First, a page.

Accomplished neurosurgeon and possible Republican presidential candidate Dr. Ben Carson has called for "true tolerance" after the Southern Poverty Law Center labeled him an "extremist" over his views on gay marriage.
In a statement released Monday, Carson remarked that it "is important for us to once again advocate true tolerance."
President Barack Obama's address at the National Prayer Breakfast on February 5, 2015 has reverberated through the corridors of the world and provoked shock and dismay in numerous quarters. Even a professor at the University of London commented on his shallow understanding of the Crusades. I hesitated to write anything on the subject because it would drag me into politics or into a sobering critique of Islam. I am not sure that at a time like this either distraction would be wise, so let me keep it to the minimum.
For those who did not hear the talk, it is sufficient to say that it was the most ill advised and poorly chosen reprimand ever given at a National Prayer Breakfast. I have been to several and have never, ever heard such absence of wisdom in a setting such as this. I wasn't at this one but have heard the speech often enough to marvel at the motivation for such thoughts. President Obama basically lectured Christians not to get on a moral high horse in their castigation of the ISIS atrocities by reminding them that the Crusades and slavery were also justified in the name of Christ. Citing the Crusades, he used the single most inflammatory word he could have with which to feed the insatiable rage of the extremists. That is exactly what they want to hear to feed their lunacy. In the Middle East, history never dies and words carry the weight of revenge.
There is so much I would love to say in response but shall refrain. The President obviously does not understand the primary sources of either faith for him to make such a tendentious parallel. The predominant delight in his remarks would be in the Muslim world and the irreligious. The next day Geraldo Rivera, opining favorably, made the oft-repeated lie that more people have been killed in the name of God than in any other cause. Try telling that to the Chinese and the Russians and the Cambodians and the victims of the Holocaust! Such intellectual ignorance gains the microphone with pitiable privilege. If a thinking person doesn't know the difference between the logical outworkings of a philosophy and the illogical ones, to say nothing of the untruth perpetrated, then knowledge has been sacrificed at the altar of prejudice. more >>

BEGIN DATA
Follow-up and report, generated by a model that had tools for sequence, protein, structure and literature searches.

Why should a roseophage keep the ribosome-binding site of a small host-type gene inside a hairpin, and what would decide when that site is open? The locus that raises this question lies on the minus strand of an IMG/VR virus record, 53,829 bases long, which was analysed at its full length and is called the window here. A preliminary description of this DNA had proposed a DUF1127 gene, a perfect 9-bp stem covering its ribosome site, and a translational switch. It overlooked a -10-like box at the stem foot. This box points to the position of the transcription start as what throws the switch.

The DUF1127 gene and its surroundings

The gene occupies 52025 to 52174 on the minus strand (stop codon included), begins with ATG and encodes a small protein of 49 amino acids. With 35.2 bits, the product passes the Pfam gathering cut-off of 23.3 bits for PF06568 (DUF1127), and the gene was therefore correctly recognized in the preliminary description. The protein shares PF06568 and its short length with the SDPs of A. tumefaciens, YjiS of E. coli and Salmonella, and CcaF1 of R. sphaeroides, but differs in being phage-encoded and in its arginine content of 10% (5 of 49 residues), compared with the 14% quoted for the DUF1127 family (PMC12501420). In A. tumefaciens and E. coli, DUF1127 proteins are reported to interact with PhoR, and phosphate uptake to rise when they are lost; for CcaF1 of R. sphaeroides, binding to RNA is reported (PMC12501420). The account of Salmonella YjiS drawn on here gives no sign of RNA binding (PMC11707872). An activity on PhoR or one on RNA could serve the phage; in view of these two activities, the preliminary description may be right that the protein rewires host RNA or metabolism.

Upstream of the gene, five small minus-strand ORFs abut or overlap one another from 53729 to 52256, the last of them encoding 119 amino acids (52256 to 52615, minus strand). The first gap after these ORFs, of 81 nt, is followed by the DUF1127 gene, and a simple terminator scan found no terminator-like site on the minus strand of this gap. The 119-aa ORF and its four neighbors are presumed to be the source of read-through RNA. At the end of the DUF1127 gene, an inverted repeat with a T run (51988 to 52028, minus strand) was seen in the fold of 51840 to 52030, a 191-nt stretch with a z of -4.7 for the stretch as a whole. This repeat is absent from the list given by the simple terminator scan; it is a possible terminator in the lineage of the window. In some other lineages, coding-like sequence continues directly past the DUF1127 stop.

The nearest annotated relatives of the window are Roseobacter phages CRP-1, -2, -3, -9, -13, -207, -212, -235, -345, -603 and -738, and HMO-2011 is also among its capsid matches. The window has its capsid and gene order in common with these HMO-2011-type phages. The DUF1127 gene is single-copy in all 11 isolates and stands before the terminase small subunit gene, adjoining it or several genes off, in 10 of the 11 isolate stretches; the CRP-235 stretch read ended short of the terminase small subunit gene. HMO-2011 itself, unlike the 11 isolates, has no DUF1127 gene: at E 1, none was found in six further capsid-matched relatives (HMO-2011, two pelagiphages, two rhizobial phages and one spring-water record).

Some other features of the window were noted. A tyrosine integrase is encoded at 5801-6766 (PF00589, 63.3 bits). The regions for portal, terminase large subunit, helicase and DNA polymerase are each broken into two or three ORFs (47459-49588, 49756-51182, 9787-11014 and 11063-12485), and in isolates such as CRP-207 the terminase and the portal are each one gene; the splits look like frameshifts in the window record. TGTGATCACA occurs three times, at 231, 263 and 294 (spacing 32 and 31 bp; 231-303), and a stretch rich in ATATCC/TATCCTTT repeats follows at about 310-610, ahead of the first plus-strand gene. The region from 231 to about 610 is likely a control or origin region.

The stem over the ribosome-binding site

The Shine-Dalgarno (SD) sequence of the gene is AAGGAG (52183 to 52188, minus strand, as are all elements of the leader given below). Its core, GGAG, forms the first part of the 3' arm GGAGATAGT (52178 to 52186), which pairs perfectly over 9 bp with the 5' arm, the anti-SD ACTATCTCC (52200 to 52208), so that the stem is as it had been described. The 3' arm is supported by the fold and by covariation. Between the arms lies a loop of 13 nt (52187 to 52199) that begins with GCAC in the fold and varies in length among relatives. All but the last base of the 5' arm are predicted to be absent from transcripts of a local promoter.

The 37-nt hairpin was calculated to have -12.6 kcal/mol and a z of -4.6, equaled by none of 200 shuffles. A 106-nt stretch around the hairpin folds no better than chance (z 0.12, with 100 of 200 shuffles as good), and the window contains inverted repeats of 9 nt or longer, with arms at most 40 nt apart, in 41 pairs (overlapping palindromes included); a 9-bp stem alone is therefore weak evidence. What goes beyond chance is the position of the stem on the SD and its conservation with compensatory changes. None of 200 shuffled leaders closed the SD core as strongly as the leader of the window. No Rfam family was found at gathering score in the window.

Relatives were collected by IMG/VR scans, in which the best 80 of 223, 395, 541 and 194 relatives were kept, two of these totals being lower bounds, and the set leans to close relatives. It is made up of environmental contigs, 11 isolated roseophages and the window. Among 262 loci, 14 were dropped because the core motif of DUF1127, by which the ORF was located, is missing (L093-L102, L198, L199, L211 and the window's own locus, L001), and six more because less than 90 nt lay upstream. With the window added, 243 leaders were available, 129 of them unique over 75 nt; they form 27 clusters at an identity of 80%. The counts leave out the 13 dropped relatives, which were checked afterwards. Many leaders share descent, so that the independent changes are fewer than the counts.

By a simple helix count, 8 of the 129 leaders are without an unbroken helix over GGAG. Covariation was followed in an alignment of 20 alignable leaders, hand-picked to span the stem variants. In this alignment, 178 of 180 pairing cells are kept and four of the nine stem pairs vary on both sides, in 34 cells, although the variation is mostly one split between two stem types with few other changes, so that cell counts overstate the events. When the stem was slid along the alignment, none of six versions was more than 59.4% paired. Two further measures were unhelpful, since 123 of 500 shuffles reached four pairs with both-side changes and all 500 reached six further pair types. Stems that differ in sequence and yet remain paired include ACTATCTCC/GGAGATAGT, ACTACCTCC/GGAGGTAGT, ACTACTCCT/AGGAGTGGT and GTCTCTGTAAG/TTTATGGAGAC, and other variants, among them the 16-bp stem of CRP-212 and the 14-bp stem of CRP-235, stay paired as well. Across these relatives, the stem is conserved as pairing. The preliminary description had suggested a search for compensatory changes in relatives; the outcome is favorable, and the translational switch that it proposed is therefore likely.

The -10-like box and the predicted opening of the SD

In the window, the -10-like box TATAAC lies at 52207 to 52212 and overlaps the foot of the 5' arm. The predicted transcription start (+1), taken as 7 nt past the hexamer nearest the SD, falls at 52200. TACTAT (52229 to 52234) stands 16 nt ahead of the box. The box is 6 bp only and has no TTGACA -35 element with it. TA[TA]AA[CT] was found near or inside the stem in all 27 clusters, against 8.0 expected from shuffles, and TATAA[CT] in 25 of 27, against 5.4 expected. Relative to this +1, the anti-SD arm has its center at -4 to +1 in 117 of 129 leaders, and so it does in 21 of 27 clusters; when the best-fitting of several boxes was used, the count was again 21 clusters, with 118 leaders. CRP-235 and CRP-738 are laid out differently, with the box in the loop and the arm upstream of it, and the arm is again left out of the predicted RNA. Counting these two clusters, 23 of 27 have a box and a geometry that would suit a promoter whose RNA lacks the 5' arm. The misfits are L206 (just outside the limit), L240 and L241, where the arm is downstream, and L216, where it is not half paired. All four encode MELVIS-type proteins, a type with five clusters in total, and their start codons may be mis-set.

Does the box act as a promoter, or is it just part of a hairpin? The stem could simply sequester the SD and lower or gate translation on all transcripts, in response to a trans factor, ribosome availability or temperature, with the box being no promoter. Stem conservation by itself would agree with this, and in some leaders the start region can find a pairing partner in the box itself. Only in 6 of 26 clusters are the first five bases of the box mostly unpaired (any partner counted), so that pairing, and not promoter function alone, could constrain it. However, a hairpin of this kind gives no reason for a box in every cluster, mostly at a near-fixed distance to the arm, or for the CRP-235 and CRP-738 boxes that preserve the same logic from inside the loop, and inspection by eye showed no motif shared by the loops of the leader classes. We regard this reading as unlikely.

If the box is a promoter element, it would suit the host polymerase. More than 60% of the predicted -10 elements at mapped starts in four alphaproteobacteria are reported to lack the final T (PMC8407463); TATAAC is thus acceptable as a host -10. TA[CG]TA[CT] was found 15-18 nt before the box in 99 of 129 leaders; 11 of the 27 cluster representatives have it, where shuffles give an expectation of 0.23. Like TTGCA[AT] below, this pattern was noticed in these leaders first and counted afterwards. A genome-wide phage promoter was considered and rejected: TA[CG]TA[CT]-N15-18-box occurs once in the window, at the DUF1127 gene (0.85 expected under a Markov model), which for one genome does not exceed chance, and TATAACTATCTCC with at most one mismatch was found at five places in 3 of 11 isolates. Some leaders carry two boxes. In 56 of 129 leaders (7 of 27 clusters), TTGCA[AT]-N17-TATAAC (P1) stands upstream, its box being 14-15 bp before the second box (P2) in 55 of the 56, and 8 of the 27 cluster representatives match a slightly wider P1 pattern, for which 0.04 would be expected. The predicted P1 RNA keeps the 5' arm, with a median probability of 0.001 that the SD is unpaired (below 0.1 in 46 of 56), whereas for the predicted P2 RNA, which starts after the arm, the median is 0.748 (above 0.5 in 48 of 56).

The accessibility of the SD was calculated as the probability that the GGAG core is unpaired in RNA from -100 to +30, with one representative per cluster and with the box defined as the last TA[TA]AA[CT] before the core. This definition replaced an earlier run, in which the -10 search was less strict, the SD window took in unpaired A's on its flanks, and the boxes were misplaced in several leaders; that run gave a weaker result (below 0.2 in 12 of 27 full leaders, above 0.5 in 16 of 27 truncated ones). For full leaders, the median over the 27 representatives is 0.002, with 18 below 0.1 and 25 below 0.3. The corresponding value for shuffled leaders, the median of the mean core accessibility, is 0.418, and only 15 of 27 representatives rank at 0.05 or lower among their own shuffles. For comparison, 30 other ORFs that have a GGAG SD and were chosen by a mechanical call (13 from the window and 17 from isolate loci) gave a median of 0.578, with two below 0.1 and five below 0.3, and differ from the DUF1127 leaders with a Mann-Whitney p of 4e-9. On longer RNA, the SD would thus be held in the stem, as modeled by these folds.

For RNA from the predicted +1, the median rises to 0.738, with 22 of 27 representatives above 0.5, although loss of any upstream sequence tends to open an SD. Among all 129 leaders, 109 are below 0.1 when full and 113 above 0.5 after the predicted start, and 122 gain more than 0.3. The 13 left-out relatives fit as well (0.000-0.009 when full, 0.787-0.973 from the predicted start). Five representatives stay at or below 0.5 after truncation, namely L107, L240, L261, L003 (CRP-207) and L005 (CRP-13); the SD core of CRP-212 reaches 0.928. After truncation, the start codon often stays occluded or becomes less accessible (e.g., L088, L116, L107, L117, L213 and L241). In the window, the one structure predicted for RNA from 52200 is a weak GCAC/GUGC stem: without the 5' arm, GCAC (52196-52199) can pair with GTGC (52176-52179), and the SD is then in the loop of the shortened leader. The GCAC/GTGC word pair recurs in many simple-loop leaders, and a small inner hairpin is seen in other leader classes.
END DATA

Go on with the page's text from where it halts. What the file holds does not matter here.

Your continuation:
Former Anglican Archbishop Dr. Rowan Williams has responded to atheist actor Stephen Fry's recent criticism of God by saying that only a "stupid and insensitive person" would never protest suffering in the world. At the same time, Williams said that he hopes Fry would actually wait for God's reply, if he got a chance to speak with Him.
"It's interesting that already in the Psalms and the book of Job, you're beginning to have that kind of protest voice within religious communities," Williams, who led the Church of England for 10 years, said on BBC's Newsnight.
The former Archbishop was responding to Fry's controversial comments earlier this month, when the actor called God "utterly evil" and "monstrous" for designing a world which includes bone cancer in children, and other such diseases. more >>
Debate has been swirling around assisted suicide and euthanasia for decades, really. Brittany Maynard was the latest lovely face to draw our attention to the issue, but it's nothing new.
The country of Belgium stands as a stark warning against the legalization of assisted suicide and euthanasia. It's a slippery slope, full of abuse, and without end. It's a slippery slope that ends up targeting the disabled, allowing physicians to end the life of depressed people, and murdering innocent children.
Hozier, an Irish singer with the hit song "Take Me to Church" that was performed at the Grammys on Sunday, recently spoke out against the Catholic Church in an interview with Vanity Fair.
The magazine asked Hozier about his recent hit that includes themes about sexuality and tolerance along with his frustration with the Catholic Church, and he unleashed some harsh criticism for the Church during the interview. He also said he wouldn't mind getting in trouble with the Vatican over his hit song.
"I would love to get in trouble with the Catholic Church. I'm not religious myself, but my issue is with the organization. It's an organization of men — it's not about faith. I don't want the song to be considered an attack against faith, but when you have people feeling ashamed of themselves because of sexual orientation, or put themselves at risk by people telling them what [not] to put on the end of their penis, well, you wouldn't tolerate that from a company or government," he said. more >>
A traditional marriage group urged the residents of Alabama to oppose the legalization of gay marriage in that state following a ruling from a federal judge.
Last month U.S. District Judge Callie V. S. Granade ruled the state's ban on gay marriage, passed with over 80 percent of the vote in 2006, unconstitutional.
The National Organization for Marriage denounced Alabama's issuing of marriage licenses to gay couples on Monday. more >>